|West Hollywood Mayor Lauren Meister|
There was to be the film itself followed by a "panel" discussion, followed by a small reception. I arrived just as the film was starting. I have seen it probably 10 times, but haven't seen it in a year. Keeping in mind that Harvey Milk is arguably the most famous gay icon/politician/activist ever, he deserves the respect of me once again watching the story of what he lived and died for.
|legendary gay male icon/activist/politician Harvey Milk|
He was a simple man, living a simple, if not boring life in NYC until his fortieth year. Making a change and moving to San Francisco, having an "out" gay relationship in an GLBT hostile world, calling for gay rights and acceptance, he became one of the most revered men in the GLBT movement, if not actually creating a full on movement. He opened a small neighborhood camera shop in the Castro, and eventually became known as the Mayor of Castro Street, This wasn't an easy task, as he wasn't welcome with open arms by any stretch.
Milk was a showman. He had a special ability to mobilize, create and have gay men and lesbians join together for a common cause. He wanted nothing more than equality and nothing less. He was a performer. He had a talent for getting press, and after several failed attempts at becoming an elected official, he was finally elected to a seat as a city Supervisor, as an openly gay man in San Francisco. His dramatic antics, and P.T. Barnum-like personality won him many supporters, but also detractors. His life was threatened many times by mail and ominous, anonymous letters with gruesome drawings of how his genitals would be hacked from his body. He never went to the police, as he told his then partner, the police probably sent them.
As in many political marriages, his true love left because of the stress of public life. He never fell out of love with Milk, nor Milk with him. Milks next partner hung himself in their apartment for the same reasoning, more or less. Of course there were underlying mental and substance abuse problems, but as many know, gay men are prone to suicide at an alarmingly higher rate then our hetero counterparts. Lack of acceptance and familial support and lack of laws protecting our jobs, housing etc. add to the pressures of life that heteros simply do not endure. Continually being called faggot, queer, pervert and sick, and being made to believe by foes such as Anita Bryant and John Briggs through ballot initiatives, that we are unworthy , creates fertile grounds for substance abuse and mental instability.
Milk fought these political behemoth's fearlessly. He "collected" throwaways, like Cleve Jones (founder of the names project) and others who had no direction or anywhere to go. I know Cleve. I have interviewed him several times. He is a strong proud gay man, and has become part of our amazing history.
More than 30,000 supporters and mourners walked through the Castro to city hall to show respect for the fallen hero. He was and is a legend. If not for him there would not be us. He started a movement that to this day exists, still fighting the religious right, the homophobes, the uninformed. He always said "You gotta give 'em hope." He did just that.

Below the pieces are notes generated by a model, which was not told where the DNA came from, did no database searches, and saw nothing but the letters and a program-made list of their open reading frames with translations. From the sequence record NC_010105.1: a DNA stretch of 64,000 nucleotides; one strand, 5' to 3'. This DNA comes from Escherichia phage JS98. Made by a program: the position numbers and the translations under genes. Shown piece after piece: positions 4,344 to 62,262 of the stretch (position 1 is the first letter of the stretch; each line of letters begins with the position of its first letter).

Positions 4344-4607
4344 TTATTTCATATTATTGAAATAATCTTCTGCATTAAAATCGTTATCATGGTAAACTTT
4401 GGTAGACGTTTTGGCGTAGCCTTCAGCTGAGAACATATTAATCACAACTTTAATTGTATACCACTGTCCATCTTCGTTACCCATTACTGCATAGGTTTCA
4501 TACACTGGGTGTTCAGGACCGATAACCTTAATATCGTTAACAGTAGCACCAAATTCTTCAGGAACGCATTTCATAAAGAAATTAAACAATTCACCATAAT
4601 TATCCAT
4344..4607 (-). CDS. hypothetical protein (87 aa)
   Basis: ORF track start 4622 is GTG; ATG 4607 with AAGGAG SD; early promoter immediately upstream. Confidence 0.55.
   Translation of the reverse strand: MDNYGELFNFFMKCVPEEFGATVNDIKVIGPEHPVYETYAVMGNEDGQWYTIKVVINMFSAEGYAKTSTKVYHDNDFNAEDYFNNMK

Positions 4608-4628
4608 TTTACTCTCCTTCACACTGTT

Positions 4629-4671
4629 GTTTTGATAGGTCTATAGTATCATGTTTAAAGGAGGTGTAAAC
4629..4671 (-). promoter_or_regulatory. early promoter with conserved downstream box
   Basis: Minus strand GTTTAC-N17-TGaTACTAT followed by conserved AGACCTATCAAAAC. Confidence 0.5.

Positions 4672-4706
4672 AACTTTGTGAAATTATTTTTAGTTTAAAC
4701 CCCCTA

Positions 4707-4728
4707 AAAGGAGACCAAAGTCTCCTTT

The panel was moderated by veteran lesbian journalist Karen Ocamb. She was the right person for the job. She was there. She covered all of this. If not for her, I would have left. The rest of the panel was made up of lesbians. I found it so inappropriate and so careless to have an entirely lesbian panel. NOT A SINGLE GAY MALE WAS ON THE PANEL.
|no gay men|
|Moderator, legendary lesbian journalist Karen Ocamb telling a panelist "There will be hard questions."|
|lesbian only panelists|
Our Mayor Lauren Meister asked why we didn't have a bigger turnout. One guess Madame Mayor is that THERE WERE NO GAY MEN INCLUDED IN THE DISCUSSION. I am not interested in excuses that there weren't any to find. I HAVE BEEN IN THIS MOVEMENT FOR NEARLY 30 YEARS. MY PHONE DIDN'T RING. Don't like my attitude? It's that attitude that has accomplished making meth/recovery/homelessness all forefront priorities. There is a little group known as Stonewall with several accomplished gay male activists to choose from. There are non profits that have activists employed and available for the asking. This was not thought out, not well done, and not outreached.
Towards the end, a lesbian from the audience started talking about Bernie and Hillary. Karen, the moderator tried to curtail it, only to hear screams of misogyny, misogyny, then and now. REALLY? We are chanting misogyny at a tribute to Harvey Milk? My heart was broken and I left. I had waited weeks for this, even posting it on Face Book. I wish I stayed home and watched MILK on pay per view. I think I might have felt more in tune to what Milk's message was.
My call to action is for the city, the city council members, staff and boards to start creating a list of available activists that are appropriate for a panel. I propose listing men and women, categorizing them and calling upon them as needed. NO PANEL IS BETTER THAN A BAD PANEL.
I am just grateful for Karen Ocamb, or I would have left way before the panel was over.